A choice, 100% postconsumer-recycled nugget from the New York Times’s NBC press tour coverage this morning:
[NBC entertainment chief Ben] Silverman also announced that all of NBCâ€™s prime-time shows would participate in a companywide pro-environmental project called â€œGreen Is Universalâ€ for a week in November. Every show on NBC would have a story line with an environmental theme, Mr. Silverman said.
All of NBC Universalâ€™s channels would be involved, said Lauren Zalaznick, president of the Bravo channel, who is leading the effort. She said the purpose was â€œto try to change the way we think and hopefully the way we and other people think â€” and act.â€
OK, before I cynically mock, let me just say that I’m glad that NBC is the network that decided to take this initiative, if only so we can see what The Office and 30 Rock will do with this story “suggestion.” Because, really, this seems like exactly the kind of bandwagon-jumping idea that Michael Scott or Jack Donaghy would come up with. I look forward to the very special Deal or No Deal in which the models will carry suitcases fashioned from reclaimed radial tires. And the Battlestar Galactica that introduces Cylons with an improved Energy Star rating. And as for the Law & Order franchises–why, they’ve been recycling newspaper headlines for years! (Thank you! Be sure to tip your waitress!)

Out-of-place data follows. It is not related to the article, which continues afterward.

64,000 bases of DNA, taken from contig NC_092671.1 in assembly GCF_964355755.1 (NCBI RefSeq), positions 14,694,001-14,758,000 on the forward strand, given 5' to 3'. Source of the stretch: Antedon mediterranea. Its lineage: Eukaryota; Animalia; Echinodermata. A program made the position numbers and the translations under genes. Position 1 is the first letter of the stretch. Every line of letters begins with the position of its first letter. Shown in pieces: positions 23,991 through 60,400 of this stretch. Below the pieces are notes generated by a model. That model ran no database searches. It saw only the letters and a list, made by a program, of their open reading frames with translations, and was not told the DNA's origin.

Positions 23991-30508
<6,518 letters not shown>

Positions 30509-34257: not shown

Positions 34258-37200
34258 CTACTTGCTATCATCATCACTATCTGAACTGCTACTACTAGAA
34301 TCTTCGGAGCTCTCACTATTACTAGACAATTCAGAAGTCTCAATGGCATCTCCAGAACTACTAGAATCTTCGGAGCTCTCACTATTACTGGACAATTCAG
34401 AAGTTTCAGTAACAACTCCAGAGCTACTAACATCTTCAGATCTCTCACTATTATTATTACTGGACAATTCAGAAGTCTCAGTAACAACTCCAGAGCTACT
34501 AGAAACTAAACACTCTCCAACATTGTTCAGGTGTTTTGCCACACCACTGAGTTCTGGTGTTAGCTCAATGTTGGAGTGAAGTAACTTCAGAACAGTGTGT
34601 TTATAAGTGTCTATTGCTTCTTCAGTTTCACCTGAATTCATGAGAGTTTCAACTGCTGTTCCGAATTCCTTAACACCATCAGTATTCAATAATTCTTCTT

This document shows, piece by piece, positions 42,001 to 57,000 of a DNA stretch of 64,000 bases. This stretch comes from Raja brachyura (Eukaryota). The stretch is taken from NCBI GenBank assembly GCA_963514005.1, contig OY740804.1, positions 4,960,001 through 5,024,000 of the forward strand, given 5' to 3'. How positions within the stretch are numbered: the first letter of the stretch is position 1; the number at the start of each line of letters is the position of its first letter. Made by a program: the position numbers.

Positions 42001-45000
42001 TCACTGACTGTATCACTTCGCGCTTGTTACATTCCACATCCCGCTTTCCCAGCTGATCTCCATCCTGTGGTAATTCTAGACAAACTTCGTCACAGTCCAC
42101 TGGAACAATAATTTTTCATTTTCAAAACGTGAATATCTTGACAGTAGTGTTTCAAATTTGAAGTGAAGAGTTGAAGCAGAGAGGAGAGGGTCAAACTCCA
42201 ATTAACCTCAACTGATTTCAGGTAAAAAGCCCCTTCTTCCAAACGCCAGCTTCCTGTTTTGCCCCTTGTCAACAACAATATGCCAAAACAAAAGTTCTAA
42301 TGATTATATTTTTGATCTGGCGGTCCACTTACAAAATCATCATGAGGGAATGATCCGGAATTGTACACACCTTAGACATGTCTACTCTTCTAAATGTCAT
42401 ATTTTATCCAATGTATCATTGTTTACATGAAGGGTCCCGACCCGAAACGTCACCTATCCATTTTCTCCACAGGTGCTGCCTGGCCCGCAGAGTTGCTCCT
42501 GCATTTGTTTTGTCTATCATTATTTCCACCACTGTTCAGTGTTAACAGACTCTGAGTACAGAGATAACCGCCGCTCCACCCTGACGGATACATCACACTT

This is the part where I come around and say, well, it may be a little silly, but it’s better than nothing. And I suppose it is. But I have to wonder: does there come a point where all this Live Earthing and GreenNBCing actually becomes worse than nothing, or at least, becomes the substitution of entertainment for action? Might a network do better, say, to run a few PSAs explaining how to keep your big-ass plasma TV from sucking down enough energy to power a small city? Or should I apologize to Mother Earth for wasting the electrons it took to post this?